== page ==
Skip to content
National Geographic photographers launch sale of prints for Ukraine


(CNN) — Emperor penguins releasing millions of micro-bubbles from their feathers, children’s dresses hanging from a clothesline on a porch in Puerto Rico, and students standing among fountains in kyiv are all works by National Geographic photographers which are on sale to support Ukraine.

The print flash sale, which will run until April 20, was organized by Vital Impacts, a non-profit organization that supports local groups that protect human and wildlife habitats.

Vital Impacts has partnered with National Geographic photographers to sell their work, with 100% of proceeds going to Direct Relief, a humanitarian organization currently working in Ukraine to provide medical aid to people affected by war.

Vital Impacts said its latest sale for conservation initiatives raised $620,000. The organizers hope that it will exceed the million dollars.

“Last Bell Kyiv” by Ukrainian-born photographer Dina Litovsky shows students hanging out near a fountain in Kyiv in May 2018.

Dina Litovsky / Courtesy of Vital Impacts

“We can all watch the horrors of the world from afar and feel so helpless, but this is a way to support humanitarian efforts and have a unique opportunity to purchase some of the most memorable art prints from the greatest photographers of the world,” said photographer Ami Vitale. , co-founder of Vital Impacts, told CNN.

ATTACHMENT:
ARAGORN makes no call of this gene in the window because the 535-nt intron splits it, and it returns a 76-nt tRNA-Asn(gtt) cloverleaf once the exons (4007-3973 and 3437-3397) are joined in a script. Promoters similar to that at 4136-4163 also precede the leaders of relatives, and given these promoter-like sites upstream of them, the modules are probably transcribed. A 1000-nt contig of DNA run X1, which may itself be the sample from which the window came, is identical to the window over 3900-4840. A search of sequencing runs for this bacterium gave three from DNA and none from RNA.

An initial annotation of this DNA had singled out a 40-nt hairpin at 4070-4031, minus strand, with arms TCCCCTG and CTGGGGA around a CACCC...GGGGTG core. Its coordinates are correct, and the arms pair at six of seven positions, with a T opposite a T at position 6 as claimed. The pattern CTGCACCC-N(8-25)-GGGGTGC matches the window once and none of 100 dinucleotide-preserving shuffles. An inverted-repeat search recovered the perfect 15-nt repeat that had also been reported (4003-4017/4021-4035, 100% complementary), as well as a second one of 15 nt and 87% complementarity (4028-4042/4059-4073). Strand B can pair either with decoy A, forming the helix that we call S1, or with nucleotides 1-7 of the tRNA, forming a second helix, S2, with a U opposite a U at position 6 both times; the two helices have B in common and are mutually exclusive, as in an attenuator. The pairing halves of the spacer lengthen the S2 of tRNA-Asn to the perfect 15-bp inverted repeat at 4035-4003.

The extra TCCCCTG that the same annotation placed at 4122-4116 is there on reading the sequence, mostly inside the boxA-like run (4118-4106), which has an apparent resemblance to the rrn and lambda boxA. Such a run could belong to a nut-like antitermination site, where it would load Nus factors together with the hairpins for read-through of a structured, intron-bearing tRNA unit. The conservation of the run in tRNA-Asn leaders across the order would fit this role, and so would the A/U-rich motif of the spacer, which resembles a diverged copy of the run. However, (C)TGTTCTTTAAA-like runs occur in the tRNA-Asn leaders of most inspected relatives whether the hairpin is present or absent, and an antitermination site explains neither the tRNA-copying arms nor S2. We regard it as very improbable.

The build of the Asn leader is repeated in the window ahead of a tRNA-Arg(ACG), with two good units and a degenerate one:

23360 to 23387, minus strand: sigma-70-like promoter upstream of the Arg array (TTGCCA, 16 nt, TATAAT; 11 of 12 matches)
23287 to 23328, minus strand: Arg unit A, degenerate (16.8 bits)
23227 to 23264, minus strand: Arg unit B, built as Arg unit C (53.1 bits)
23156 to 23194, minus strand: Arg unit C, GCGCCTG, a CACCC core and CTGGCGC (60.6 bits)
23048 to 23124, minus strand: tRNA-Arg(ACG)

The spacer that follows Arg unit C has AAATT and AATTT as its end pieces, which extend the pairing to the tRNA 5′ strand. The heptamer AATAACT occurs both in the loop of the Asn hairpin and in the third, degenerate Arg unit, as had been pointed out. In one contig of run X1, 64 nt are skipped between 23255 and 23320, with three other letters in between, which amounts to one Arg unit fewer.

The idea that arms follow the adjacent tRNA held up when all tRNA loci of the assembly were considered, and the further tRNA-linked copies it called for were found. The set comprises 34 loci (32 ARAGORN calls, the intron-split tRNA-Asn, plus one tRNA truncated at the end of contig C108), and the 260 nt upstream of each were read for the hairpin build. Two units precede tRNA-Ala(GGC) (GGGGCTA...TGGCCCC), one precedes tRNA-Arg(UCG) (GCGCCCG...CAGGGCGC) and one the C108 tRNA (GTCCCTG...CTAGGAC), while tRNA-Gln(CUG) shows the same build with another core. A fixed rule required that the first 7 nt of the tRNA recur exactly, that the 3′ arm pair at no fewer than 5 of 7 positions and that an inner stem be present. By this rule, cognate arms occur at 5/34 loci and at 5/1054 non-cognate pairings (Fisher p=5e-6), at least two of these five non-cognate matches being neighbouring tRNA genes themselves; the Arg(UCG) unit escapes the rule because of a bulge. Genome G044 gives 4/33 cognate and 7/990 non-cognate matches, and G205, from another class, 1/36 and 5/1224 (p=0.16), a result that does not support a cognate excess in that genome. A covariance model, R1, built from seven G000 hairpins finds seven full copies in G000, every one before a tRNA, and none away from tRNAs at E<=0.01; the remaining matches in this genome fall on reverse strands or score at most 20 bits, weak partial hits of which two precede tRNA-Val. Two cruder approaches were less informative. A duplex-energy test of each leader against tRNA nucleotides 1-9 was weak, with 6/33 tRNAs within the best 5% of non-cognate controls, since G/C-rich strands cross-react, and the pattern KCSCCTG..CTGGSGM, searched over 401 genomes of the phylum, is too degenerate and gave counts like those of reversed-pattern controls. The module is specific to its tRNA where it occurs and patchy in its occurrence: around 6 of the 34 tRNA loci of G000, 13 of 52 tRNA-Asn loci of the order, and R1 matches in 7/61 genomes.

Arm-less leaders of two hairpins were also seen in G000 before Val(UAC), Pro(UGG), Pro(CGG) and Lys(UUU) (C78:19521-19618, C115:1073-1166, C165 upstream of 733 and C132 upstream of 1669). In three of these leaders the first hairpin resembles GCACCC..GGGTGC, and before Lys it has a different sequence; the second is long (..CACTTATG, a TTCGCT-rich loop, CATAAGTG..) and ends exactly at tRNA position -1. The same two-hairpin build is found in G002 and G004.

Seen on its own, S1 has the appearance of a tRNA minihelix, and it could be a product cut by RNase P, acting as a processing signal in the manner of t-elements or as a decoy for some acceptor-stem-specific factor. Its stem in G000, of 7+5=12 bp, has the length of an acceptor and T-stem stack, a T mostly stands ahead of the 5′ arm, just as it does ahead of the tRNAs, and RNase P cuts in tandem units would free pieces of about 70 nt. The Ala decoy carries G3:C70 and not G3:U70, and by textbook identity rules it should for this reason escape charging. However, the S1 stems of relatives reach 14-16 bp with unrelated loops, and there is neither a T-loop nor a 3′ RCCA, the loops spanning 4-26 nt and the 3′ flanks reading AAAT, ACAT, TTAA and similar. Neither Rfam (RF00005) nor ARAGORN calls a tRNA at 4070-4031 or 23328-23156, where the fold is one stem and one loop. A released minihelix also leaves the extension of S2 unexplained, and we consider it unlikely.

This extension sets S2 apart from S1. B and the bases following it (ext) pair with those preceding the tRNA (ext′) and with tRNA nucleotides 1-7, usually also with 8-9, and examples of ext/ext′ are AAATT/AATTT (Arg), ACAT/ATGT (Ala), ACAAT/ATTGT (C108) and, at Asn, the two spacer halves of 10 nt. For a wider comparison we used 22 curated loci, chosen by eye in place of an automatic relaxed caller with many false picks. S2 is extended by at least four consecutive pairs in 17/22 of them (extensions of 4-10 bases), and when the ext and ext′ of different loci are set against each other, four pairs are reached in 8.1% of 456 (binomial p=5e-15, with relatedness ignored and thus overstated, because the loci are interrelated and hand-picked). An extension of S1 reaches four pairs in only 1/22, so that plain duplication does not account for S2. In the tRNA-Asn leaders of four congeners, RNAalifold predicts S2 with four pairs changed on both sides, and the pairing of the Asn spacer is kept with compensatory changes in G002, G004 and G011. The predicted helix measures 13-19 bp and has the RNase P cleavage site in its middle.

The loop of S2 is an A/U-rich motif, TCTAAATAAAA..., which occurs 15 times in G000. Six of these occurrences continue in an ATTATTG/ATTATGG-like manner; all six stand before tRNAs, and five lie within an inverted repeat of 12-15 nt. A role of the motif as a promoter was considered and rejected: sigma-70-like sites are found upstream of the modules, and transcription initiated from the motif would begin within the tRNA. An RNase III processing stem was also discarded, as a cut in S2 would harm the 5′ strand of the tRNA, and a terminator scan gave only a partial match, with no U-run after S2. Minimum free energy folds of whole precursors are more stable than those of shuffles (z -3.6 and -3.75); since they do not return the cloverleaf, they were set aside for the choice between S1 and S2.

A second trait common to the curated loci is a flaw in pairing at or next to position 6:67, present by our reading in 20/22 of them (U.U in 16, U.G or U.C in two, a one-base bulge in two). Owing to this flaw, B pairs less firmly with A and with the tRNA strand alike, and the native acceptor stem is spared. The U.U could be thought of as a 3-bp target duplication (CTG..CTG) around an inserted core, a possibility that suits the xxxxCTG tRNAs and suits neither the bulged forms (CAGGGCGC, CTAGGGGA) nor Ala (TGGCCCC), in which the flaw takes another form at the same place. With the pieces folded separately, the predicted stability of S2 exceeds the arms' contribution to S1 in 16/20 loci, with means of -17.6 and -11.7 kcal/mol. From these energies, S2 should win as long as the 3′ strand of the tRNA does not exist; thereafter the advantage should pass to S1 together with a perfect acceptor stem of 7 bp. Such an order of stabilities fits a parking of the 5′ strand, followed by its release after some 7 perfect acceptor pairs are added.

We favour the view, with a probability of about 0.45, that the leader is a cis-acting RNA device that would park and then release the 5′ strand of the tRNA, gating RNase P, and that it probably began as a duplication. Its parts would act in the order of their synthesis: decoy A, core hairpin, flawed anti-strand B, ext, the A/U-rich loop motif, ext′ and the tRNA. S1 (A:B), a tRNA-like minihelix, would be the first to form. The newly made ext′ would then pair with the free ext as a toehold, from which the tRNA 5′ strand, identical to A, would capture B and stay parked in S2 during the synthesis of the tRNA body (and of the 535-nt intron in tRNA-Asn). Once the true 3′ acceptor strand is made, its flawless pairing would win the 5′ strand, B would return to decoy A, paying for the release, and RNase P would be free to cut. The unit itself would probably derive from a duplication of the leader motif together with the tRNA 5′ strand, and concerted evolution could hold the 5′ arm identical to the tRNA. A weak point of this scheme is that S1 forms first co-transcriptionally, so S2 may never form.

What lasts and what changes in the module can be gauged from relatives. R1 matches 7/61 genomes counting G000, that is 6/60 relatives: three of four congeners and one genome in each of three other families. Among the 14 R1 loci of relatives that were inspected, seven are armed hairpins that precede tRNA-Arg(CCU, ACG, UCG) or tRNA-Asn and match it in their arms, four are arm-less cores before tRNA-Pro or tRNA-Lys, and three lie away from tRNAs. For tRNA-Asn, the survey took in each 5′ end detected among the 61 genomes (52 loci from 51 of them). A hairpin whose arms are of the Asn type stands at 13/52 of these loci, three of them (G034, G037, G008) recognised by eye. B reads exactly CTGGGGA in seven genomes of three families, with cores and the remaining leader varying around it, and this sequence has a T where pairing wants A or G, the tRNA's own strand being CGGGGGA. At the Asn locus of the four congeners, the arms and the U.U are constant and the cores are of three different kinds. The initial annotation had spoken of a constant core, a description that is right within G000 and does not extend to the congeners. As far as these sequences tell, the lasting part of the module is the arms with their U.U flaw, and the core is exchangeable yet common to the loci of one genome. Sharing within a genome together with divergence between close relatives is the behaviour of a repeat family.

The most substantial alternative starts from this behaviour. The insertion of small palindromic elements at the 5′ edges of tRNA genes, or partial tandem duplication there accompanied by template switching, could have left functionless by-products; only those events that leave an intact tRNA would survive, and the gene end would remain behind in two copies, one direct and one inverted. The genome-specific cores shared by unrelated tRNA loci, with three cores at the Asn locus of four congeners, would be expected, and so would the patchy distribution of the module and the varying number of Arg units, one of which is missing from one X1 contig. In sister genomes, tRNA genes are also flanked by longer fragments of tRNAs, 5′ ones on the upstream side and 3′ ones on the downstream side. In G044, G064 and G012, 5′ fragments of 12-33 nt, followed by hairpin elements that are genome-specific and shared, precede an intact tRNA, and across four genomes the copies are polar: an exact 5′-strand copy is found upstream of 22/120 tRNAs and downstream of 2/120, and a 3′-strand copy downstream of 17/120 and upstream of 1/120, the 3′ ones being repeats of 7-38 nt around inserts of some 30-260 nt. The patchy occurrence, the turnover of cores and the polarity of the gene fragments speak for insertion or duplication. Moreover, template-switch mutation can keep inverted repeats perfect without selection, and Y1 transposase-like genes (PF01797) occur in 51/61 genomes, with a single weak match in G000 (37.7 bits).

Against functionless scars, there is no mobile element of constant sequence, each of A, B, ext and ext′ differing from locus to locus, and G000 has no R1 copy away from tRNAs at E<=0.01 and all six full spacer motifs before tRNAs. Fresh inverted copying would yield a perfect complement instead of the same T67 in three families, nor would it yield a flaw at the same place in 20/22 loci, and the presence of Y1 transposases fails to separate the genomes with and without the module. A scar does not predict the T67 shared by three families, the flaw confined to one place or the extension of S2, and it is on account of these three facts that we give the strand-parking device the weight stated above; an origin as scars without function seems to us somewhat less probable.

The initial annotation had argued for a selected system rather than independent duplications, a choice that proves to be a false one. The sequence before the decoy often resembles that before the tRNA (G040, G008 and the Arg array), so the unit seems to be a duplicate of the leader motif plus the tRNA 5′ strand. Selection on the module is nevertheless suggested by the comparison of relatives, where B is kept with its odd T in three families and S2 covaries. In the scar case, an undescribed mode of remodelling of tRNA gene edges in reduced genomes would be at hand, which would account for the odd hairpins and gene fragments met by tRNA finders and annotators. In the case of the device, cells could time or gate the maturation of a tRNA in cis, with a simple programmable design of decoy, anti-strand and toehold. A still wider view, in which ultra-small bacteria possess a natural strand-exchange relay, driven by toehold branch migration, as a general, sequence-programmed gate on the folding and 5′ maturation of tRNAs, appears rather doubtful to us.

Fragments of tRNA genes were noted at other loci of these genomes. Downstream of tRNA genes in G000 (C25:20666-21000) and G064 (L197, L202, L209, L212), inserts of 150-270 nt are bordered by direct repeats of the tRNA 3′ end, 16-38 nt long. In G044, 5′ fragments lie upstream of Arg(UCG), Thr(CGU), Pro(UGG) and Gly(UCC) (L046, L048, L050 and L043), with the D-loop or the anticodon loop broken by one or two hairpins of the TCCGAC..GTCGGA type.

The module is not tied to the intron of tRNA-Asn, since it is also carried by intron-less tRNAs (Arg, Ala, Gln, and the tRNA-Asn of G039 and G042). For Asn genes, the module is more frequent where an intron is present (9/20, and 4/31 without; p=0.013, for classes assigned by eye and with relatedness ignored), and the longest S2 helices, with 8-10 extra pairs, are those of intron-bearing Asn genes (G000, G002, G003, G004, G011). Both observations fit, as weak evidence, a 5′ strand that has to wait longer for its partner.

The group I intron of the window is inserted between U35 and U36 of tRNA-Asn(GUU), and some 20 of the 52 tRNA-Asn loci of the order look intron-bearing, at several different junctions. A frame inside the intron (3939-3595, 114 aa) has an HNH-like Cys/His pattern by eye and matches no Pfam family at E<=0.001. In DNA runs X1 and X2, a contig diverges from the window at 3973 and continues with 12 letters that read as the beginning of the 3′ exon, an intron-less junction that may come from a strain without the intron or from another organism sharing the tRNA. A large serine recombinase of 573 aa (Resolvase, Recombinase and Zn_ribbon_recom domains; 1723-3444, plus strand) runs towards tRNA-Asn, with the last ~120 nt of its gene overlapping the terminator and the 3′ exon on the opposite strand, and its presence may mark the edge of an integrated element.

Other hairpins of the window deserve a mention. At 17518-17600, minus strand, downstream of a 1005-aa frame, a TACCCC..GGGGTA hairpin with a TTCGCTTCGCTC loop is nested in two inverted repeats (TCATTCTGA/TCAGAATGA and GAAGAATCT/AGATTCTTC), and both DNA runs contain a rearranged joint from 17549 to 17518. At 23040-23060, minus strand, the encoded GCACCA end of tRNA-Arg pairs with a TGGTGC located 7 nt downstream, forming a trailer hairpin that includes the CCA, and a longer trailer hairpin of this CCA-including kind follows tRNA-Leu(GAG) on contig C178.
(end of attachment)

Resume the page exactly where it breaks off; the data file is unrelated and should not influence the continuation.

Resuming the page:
“The hope is that this work will inspire all who see it to work for a world of peace and compassion.”

The collection includes breathtaking underwater images, as well as photos of incredible landscapes and intimate human moments captured on camera.

There’s also a mix of “eccentric and intellectual” imagery and “painfully beautiful” historic moments, Vitale added.

“There’s something for everyone,” Vitale said, “and we hope these impressions will inspire people to believe and work for a better world.”

Not all news on the site expresses the point of view of the site, but we transmit this news automatically and translate it through programmatic technology on the site and not from a human editor.